worthing pier sussex

The Best Pier in Sussex

British seaside piers date from the early 1800’s. 42 piers have been lost since then but 61 piers are still standing. 5 of those – that you can walk along – are in Sussex!

Most were originally built as landing stations for pleasure steamers and had to be long enough for boats to dock at low tide. As part of the Victorian seaside leisure boom, many sprang up after the railways arrived, becoming ostentatious attractions and places to be seen in Sunday outfits. Over the years they have had to adapt to maintain their popular appeal.

Brighton Pier

Brighton pier

This is the last surviving intact pier on Brighton’s seafront. Built in 1899, it was designed as the replacement for the older, more utilitarian Chain Pier.

The main pier building has a lovely dome, and stained-glass windows along the sides showing Brighton-related images. It’s totally free to walk along the pier and look at the Brighton scenery!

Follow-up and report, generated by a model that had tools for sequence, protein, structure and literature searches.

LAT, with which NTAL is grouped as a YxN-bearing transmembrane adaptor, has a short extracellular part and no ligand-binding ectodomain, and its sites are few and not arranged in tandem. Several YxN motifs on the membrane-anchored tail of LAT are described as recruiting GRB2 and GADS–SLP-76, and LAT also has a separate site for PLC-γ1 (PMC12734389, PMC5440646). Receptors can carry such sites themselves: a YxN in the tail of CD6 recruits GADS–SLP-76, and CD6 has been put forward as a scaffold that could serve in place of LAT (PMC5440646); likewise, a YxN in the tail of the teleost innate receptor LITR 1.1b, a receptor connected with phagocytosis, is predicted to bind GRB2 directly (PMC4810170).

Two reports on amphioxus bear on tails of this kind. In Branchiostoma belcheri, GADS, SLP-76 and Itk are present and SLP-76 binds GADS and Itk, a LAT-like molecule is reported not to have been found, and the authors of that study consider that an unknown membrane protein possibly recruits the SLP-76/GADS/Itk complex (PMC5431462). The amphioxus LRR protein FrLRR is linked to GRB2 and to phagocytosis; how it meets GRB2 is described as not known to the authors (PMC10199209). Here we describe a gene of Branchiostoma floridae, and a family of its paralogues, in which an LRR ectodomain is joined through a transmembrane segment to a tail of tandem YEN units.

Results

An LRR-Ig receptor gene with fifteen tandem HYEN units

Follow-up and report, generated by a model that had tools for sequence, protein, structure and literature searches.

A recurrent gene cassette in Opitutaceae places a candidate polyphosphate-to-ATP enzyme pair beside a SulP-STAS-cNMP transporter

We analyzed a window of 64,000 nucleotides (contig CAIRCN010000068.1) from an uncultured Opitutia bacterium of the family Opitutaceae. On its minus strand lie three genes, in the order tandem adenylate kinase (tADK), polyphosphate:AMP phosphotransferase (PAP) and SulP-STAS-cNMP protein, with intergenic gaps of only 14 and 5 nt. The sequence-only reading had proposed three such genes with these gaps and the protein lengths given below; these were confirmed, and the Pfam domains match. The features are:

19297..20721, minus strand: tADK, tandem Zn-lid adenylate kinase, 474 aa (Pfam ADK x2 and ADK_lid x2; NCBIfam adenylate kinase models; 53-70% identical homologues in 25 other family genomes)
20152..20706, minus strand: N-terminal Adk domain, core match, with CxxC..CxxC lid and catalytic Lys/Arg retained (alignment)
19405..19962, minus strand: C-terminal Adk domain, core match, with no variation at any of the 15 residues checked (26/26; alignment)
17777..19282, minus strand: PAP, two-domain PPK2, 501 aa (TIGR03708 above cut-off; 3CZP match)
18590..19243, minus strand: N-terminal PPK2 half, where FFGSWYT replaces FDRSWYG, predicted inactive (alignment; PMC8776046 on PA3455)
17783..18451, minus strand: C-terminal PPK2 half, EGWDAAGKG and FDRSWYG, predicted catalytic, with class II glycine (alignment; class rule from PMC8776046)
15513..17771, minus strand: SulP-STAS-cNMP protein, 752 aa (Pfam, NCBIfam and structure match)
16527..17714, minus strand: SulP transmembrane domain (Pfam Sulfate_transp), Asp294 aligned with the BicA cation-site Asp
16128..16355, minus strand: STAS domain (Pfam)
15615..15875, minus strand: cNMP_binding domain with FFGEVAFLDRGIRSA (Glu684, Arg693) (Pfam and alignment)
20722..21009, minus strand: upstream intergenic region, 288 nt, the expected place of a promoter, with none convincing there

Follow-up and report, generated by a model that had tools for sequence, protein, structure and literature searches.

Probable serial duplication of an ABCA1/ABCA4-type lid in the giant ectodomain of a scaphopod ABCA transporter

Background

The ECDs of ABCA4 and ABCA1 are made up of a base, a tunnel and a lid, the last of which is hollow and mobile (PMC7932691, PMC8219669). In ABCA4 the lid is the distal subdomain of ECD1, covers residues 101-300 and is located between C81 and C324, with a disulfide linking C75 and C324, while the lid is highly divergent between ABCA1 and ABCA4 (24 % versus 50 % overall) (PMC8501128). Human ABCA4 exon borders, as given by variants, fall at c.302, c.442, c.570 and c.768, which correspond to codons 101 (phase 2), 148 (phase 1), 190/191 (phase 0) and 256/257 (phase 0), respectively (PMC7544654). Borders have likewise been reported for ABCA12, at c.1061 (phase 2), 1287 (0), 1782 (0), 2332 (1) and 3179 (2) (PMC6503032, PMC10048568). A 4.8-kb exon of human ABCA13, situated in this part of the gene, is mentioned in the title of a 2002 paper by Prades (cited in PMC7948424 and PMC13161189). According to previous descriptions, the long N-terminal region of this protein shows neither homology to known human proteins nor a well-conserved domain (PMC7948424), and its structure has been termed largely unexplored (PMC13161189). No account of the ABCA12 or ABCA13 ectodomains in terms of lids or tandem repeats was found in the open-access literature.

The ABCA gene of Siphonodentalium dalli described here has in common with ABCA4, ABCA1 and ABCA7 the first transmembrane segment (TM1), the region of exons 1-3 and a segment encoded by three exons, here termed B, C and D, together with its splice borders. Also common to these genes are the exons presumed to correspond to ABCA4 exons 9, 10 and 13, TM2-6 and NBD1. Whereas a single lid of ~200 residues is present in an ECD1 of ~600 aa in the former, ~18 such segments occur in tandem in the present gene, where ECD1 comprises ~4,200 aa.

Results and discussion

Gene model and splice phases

Read more about Brighton Pier

Worthing Pier

This was the thirteenth built in England at a cost of £6,500. Designed by Sir Robert Rawlinson, it officially opened in April 1862.

The Pier continues to bring enjoyment to visitors and residents. The Pavilion Theatre sits at the northern end and the recently renovated southern end pavilion has a good café.

It is a regular attraction for people to take a stroll along the deck and for fishing. Admission is free!

Worthing is just 6 miles from Steyning & Brighton is 10 miles away.

Other Sussex Piers

There are more Sussex piers in Littlehampton (a 30 minute drive), Eastbourne ( a 50 minute drive) and Hastings (a 1 hr 10 min drive).

hastings pier sussex
Hastings Pier: Photo by Ben Guerin on Unsplash

Built in 1872, Hastings Pier closed in 2008 and nearly burnt down in 2010. It reopened once again in 2016 but remains relatively undeveloped.

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